How prepared are we for strict social distancing for the forseeable future, compulsory masks, closed leisure facilities – and a semi-functioning economy?
Posts Tagged: Towns
James Frayne: The challenges of the Coronavirus to working families outside the prosperous South East
What about the impact on domestic violence, with everyone stuck in their own homes? And on those with serious but non-life threatening health problems?
The Coronavirus will punch a hole in Sunak’s sums sufficient to throw levelling-up, Boosterism, Brexit bonuses – what have you – off course.
Rachel Wolf: My top tip for Labour leadership candidates – parties can’t win everywhere, and shouldn’t try
Try to please everyone and you end up pleasing nobody. Even Lisa Nandy, who seems more alert than most of her rivals, has fallen into this trap.
James Frayne: Ten errors that Conservatives must avoid making about the new working class voters who backed them last month
Listening to conversations in Westminster in recent days, I fear a number of misconceptions will drive bad decision-making.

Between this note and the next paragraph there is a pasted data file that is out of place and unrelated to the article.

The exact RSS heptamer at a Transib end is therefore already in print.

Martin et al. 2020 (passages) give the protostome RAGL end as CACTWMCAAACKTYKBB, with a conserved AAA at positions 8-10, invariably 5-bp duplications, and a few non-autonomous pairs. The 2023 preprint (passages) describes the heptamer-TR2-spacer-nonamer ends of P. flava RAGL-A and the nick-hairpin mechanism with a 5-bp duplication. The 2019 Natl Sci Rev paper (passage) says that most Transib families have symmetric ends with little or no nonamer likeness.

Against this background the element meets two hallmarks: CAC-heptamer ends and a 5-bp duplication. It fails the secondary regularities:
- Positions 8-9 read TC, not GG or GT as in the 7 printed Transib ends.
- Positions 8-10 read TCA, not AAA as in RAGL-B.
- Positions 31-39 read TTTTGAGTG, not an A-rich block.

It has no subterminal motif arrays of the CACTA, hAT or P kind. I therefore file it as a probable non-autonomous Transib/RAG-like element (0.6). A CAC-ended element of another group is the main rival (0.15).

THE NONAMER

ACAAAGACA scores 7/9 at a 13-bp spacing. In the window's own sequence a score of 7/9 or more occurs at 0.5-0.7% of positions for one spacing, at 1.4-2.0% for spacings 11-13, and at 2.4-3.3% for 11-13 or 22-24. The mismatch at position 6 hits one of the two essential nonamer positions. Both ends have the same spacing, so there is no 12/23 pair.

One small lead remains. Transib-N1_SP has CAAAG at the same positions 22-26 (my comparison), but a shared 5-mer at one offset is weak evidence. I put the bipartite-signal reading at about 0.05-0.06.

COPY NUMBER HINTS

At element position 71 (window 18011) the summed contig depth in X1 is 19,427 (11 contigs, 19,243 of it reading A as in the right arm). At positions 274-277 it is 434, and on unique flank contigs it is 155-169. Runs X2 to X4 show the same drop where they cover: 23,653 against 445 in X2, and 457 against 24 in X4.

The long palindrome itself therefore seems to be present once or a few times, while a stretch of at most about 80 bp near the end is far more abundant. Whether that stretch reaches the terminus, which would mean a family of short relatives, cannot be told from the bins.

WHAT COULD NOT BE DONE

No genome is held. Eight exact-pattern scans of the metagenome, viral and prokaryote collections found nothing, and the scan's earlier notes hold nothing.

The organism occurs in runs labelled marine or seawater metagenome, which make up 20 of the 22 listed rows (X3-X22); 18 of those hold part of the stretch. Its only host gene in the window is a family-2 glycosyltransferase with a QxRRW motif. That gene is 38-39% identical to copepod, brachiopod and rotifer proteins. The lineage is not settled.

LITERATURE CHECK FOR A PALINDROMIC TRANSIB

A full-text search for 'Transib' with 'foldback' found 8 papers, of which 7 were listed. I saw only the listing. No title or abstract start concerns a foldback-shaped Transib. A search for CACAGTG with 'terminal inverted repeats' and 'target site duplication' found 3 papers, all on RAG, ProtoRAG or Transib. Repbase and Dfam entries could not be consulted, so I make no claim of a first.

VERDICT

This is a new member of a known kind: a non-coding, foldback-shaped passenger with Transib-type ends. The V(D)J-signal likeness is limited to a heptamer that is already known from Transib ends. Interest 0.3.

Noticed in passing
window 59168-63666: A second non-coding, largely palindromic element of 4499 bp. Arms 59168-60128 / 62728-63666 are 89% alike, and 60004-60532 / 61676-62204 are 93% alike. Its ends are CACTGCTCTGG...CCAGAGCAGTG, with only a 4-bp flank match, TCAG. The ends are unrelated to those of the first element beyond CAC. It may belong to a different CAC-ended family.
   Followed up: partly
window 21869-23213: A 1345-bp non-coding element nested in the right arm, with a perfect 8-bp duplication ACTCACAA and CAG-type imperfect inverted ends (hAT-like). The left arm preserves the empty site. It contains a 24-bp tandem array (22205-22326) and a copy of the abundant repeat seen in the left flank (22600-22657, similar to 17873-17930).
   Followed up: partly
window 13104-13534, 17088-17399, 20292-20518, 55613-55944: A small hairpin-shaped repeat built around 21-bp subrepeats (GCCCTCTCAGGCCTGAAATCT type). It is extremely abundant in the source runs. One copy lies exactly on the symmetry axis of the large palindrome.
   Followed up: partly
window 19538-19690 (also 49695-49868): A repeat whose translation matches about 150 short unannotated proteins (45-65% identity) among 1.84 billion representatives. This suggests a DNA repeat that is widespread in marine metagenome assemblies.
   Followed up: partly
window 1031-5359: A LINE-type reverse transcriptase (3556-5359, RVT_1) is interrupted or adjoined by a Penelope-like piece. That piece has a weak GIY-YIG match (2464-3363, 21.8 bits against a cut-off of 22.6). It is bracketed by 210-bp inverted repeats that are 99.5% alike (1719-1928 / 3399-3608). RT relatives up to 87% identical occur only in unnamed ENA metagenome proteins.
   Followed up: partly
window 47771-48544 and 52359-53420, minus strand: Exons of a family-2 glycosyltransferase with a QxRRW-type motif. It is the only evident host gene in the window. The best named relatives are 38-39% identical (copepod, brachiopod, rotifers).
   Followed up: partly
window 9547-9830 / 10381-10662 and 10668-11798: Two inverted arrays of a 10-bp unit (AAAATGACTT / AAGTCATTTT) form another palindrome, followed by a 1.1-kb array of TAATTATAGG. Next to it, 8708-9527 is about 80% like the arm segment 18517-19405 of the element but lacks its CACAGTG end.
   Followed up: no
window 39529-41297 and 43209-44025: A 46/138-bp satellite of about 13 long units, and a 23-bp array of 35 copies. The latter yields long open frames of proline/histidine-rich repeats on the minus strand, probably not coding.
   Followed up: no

Rigid, centralised planning rules are preventing Britain’s towns from adapting organically to changes in how we live, work, and shop.
Business Rates and the planning system contribute to the problem of boarded-up shops in so many of our towns.
Rachel Wolf: I co-wrote this Conservative manifesto. And so can say that its focus was on neither the rich nor the poor.
To view Britain in such a way is to see a useless picture of the nation. Most people are Just About Managing. And they are our new voters.
Around two-thirds of the top 100 marginal seats are town constituencies. That presents an opportunity.
Labour MPs voted against the local government finance settlement. They would also scrap Ofsted, increase taxes, and delay Brexit.
Gimmicks and bribes are not the answer. Prosperity will be achieved if free entreprise is allowed to thrive.
Jack Airey: How to unleash the power of the Union 2) Infrastructure can reinforce the United Kingdom
Upgrading the UK’s infrastructure is an opportunity to bind places closer through trains and trade.
James Frayne: Voters would welcome a Brexit deal. But it might harm and not help the Conservatives with working class voters.
Would they actually think that, now Brexit’s done and immigration back under control, that they can return to their natural home in the Labour Party?
The image of large swathes of the north, as a post-industrial wasteland, filled with abandoned Victorian terraces, isn’t just wrong and offensive. It’s actively dangerous.
Ever since the EU referendum, there’s been renewed focus on how to help poorer places. Helpfully there is decades of evidence about what does and doesn’t work.